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The proposed 27% increase would take funding for the creative and cultural sector up to €1.9bn for the years 2021-27.

Performance in German theatre
A performance in a German theatre

The European Union (EU) is gearing up for a 27% increase to its culture budget for the next six-year funding round, taking available support for creative and cultural projects up to €1.9bn.

This follows a decision by the European Commission to not merge funding for culture with other programmes, which the Network of European Museum Organisations (NEMO) says is “especially welcomed” given the expected financial stress caused by the UK’s departure from the EU.

The news also comes as the UK’s continued participation in Creative Europe remains unclear, although EU culture funding for the UK has been guaranteed until at least 2020.

Budget increase

From 2021-27, the budget allocated to the EU culture sub-programme would increase from approximately €450m to €650m, whilst the budget for the media sub-programme would increase from roughly €820m to €1.2bn.

Explaining the change, the European Commission describes its investment in culture as playing “a crucial role fostering diverse and inclusive societies” as well as supporting other EU policies through crossovers”.

It also emphasises the importance of free movement for professionals in the cultural and creative sector, supporting emerging talent, and fomenting potential that “extends beyond national borders” as ways of improving the EU’s cross-border cultural performance and “its relations on the global scene”.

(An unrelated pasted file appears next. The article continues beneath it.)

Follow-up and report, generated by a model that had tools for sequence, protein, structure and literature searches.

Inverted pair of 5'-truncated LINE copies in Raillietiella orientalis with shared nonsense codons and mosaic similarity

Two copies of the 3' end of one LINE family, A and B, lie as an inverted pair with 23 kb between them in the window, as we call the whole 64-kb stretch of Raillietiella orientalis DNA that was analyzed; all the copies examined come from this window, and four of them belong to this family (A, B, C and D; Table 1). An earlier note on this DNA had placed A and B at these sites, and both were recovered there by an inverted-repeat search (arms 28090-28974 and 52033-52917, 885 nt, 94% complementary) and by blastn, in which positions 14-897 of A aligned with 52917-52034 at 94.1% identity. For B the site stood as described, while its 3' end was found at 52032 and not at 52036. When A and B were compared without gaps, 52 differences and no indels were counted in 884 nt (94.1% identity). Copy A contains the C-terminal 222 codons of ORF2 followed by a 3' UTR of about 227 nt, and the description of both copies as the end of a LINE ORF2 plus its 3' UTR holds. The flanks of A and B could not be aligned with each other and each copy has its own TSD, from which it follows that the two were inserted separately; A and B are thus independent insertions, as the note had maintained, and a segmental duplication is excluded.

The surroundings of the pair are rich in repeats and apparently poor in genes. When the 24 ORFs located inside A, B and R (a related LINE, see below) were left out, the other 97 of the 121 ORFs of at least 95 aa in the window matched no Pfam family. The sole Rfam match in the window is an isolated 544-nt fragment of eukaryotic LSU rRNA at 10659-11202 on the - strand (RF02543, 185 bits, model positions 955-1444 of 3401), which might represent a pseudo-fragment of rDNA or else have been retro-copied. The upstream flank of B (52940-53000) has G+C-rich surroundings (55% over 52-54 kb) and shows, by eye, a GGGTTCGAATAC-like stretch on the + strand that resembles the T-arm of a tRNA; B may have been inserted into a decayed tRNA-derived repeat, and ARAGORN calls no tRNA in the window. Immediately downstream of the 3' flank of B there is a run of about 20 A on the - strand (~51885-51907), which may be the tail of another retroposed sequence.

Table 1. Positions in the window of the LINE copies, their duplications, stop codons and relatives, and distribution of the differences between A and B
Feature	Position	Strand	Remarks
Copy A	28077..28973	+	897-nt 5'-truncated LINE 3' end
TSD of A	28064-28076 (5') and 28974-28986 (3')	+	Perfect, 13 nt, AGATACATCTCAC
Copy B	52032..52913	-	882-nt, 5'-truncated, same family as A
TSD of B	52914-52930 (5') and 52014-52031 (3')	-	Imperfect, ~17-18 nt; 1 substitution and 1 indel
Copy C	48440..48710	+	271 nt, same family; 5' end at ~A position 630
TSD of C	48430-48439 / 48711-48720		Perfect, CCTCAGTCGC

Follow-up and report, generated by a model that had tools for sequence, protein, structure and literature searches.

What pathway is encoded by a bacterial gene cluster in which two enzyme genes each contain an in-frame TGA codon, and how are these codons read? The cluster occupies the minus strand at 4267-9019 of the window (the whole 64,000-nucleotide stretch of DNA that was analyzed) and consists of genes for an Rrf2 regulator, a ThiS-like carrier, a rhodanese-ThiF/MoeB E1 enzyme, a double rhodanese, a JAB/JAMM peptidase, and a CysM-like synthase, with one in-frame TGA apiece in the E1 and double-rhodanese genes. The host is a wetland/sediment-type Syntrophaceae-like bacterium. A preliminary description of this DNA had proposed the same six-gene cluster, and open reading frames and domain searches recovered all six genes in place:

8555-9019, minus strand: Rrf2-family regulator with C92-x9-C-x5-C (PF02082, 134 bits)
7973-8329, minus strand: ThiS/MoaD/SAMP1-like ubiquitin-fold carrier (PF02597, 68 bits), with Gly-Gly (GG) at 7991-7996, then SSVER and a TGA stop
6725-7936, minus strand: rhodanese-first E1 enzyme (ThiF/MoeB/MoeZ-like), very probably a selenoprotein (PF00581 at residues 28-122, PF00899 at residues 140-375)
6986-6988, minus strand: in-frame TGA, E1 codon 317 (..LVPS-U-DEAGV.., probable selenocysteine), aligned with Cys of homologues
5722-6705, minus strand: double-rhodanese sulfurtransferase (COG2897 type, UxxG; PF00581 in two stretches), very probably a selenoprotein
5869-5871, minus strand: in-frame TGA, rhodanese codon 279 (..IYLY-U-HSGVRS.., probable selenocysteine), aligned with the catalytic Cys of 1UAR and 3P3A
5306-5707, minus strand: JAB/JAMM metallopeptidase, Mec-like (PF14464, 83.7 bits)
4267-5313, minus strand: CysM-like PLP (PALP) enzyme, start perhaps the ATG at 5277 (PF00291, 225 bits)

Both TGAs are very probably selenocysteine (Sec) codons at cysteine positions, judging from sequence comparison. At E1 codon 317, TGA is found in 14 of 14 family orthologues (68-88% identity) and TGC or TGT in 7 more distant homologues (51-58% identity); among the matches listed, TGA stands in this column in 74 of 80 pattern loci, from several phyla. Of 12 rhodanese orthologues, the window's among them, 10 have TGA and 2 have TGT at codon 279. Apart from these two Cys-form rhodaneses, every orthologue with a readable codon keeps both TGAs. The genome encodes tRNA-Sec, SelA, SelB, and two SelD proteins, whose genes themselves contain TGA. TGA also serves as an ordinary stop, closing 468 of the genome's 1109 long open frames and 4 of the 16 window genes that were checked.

The explanatory document stresses that the Creative Europe scheme will continue to champion open, inclusive and creative societies, strengthen the competitiveness of the cultural sectors and boost job creation. It also hopes to learn from the previous generation of programmes and deliver “more streamlined and focussed communication, dissemination and feed-back on results”.

The UK’s share of Creative Europe funding has been increasing, growing by 30% in the year immediately following the Brexit vote. 35 creative, cultural and heritage organisations were awarded a combined €3.2m in funding from 2016-17.

Not finished yet

Although NEMO stresses the proposed budget is “promising” for the creative and cultural sector, it calls for further details about how the funds will be allocated.

“NEMO also hopes that museums in particular will receive sufficient support in the next EU-budget and that the European Commission will recognise museums’ vital role in promoting cultural heritage and creating a strong shared European identity.”

Culture Action Europe (CAE), which has led a campaign for the culture budget to be doubled and for 1% of the budget of each policy field to be allocated to culture, celebrated the news that Creative Europe will continue to exist as an independent programme.

But it said the increased budget is “not enough to reach its potential” and calls on European Member States and the European Parliament to guarantee a “substantial increase of the budget for culture” during the ongoing negotiations.

“We call on our members, partners and friends to support a strengthened budget for culture and actively advocate for it at all levels: national, regional and European,” it added.

The membership body notes the negotiations follow in the wake of last year’s Eurobarometer report, which found culture is the most important contributing factor for citizens to belong to a European community.